determines that a response to a request for information under this title does not comply with the request, the administering authority * * * shall promptly inform the person submitting the response of the nature of the deficiency and shall, to the extent practicable, provide that person with an opportunity to remedy or explain the deficiency in light of the time limits established for the completion of investigations or reviews under this title.
On July 23, 2001, the PMT-Tubacero submitted a Section D response which was deficient and unusable. In short, respondents failed to provide complete, combined cost information for both companies, did not supply adequate narrative responses, and provided unreliable cost data. The Department therefore determines that, due to the deficient nature of the July 23, 2001 Section D response, no comparison of cost of production to normal value can be properly made, nor can we rely upon the underlying variable and total cost of manufacturing data reported in the home market and United States sales databases. This consequently prohibits the Department from accurately selecting HM sales to compare to U.S. sales. Therefore, in light of PMT-Tubacero's failure to provide requested information necessary to calculate dumping margins in this case, in accordance with section 776(a) of the Act, we are forced to resort to total facts available for this preliminary determination. See Total Facts Available and Corroboration Memorandum for PMT-Tubacero.
On July 24, 2001, the Department afforded PMT-Tubacero another opportunity to remedy its Section D response by July 31, 2001. See Letter from Edward Yang to PMT-Tubacero, dated July 24, 2001. However, because the time limit for this preliminary determination makes it impracticable for the Department to analyze and incorporate the data submitted on July 31, and because the information in the July 23 response was not in the form and manner requested by the Department, the Department has applied the facts otherwise available to determine the preliminary dumping margin. As facts available, we used the rate from initiation of 49.86 percent. This rate was based on information provided in the petition to calculate normal value and publicly available U.S. Customs import statistics to calculate export price. See Notice of Initiation.
Section 776(c) of the Act provides that, when the Department relies on secondary information in using the facts otherwise available, it must, to the extent practicable, corroborate that information from independent sources that are reasonably at its disposal. The Statement of Administrative Action accompanying the URAA, H.R. Doc. No. 316, 103d Cong., 2d Sess. 870 (1994) (“SAA”) clarifies that “corroborate” means that the Department will satisfy itself that the secondary information to be used has probative value (see SAA at 870). Secondary information is described in the SAA, as “information derived from the petition that gave rise to the investigation or review, the final determination concerning subject merchandise, or any previous review under section 751 concerning the subject merchandise.” See SAA at 870.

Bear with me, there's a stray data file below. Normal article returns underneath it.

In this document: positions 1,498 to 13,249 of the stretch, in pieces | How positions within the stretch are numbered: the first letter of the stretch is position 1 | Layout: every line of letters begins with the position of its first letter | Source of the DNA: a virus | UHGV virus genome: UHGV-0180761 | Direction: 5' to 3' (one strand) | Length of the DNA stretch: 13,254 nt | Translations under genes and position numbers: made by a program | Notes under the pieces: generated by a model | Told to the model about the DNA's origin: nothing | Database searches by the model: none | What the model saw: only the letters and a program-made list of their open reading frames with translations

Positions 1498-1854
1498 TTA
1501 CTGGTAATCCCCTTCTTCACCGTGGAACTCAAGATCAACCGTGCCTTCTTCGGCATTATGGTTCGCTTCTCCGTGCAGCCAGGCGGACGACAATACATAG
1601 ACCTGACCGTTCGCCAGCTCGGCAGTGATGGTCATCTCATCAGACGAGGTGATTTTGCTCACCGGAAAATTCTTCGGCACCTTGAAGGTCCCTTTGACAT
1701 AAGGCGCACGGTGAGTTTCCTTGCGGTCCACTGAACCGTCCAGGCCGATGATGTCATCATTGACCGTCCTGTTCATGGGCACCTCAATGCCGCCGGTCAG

The Department finds that the estimated margin set forth in the notice of initiation has probative value. In this proceeding, we considered the initiation margin as the most appropriate information on the record upon which to base the dumping calculation. In accordance with section 776(c) of the Act, we sought to corroborate the data contained in the initiation. We reviewed the adequacy and accuracy of the information in the initiation, to the extent appropriate information was available for this purpose. For purposes of the preliminary determination, we attempted to further corroboate the information in the initiation. To the extent practicable, we reexamined the export price and home market price provided in the margin calculations in the initiation in light of information obtained during the investigation and found that it has probative value. See Preliminary Determination in the Antidumping Investigation of Welded Large Diameter Line Pipe from Mexico: Total Facts Available Corroboration Memorandum for PMT-Tubacero, dated August 8, 2001.